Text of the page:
Why Tommy Tune's Lifetime Achievement Award Should NOT Be Televised

Chris Peterson

I have the utmost respect for Richard Skipper, he's certainly one of the most well known theatre bloggers out there and if I could have half the success he's had, that would be quite something. But when it comes to his stance that Tommy Tune's Lifetime Achievement Award presentation should be apart of the Tony Awards telecast, he's wrong. 

This is not a slam on Tommy Tune by the way, he's a Broadway icon who should have received this award years ago. But with the Tony telecast being only 3 hours long, including commercials, including his award presentation would mean cutting something else. 

What Skipper doesn't make a case for is what should be cut to make room for the 5-10 minutes for Tune's acceptance presentation. Should it be another creative or technical award because they've pretty much been cut already? What about an acting or directing award? 

Should it be one of the musical performances, that are one of the main reasons why millions of people tune in to the show every year and in effect, inspire a future generation of performers?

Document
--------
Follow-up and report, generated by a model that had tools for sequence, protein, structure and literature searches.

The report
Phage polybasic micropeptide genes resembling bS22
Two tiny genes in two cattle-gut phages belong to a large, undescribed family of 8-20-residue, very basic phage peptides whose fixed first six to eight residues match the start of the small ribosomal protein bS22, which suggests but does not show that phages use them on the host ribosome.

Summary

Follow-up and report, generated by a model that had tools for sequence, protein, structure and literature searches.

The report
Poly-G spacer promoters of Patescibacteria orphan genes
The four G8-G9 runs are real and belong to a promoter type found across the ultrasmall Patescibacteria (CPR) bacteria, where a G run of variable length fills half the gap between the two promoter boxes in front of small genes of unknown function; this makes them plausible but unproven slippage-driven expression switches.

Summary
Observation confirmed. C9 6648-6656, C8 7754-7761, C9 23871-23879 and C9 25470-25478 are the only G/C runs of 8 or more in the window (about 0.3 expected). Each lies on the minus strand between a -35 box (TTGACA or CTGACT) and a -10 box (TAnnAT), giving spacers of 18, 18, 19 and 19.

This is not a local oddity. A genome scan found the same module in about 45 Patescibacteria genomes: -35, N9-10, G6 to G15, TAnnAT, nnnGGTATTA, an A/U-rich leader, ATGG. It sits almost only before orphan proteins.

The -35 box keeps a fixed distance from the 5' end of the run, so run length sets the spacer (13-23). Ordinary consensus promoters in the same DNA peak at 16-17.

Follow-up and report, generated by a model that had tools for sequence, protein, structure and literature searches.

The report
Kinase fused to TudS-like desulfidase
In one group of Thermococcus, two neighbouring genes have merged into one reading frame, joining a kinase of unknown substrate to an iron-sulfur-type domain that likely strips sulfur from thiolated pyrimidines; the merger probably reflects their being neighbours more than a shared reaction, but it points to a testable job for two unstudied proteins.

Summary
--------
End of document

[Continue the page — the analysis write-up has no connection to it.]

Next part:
And if you include Tune's presentation, based on his accomplishments and the fact that he's being awarded his 10th Tony, shouldn't you also include Stephen Schwartz's acceptance of the Isabelle Stevenson's Award since he's being awarded his FIRST Tony looking award? Or what about the other special award recipients? Such as Adrian Bryan-Brown who owns the biggest Broadway PR firm in NY? Or Gene O'Donavan who's worked as a theatre technician for 40 years? If you include one on the telecast, shouldn't you include them all? 

And while Tune's achievements are many, I don't remember the demand for this award to be telecast when Marian Seldes, Edward Albee, Harold Prince, Stephen Sondheim, Julie Harris or Arthur Miller accepted theirs. If they didn't get their televised moment, why should Tune?

Finally, I've always believed that the televised portion of the Tonys are meant to award the present and inspire the future. And while Tune is certainly an icon, I don't see how cutting an award or performance to make room for an acceptance speech from someone who hasn't been involved on a Broadway production for almost 20 years, makes sense.  

I respect Skipper's opinion but he's not thinking about the whole picture. Tune will get his moment on the Tony stage and for those of you are fans of his, you can watch it as many times as you want on Youtube the next day. 


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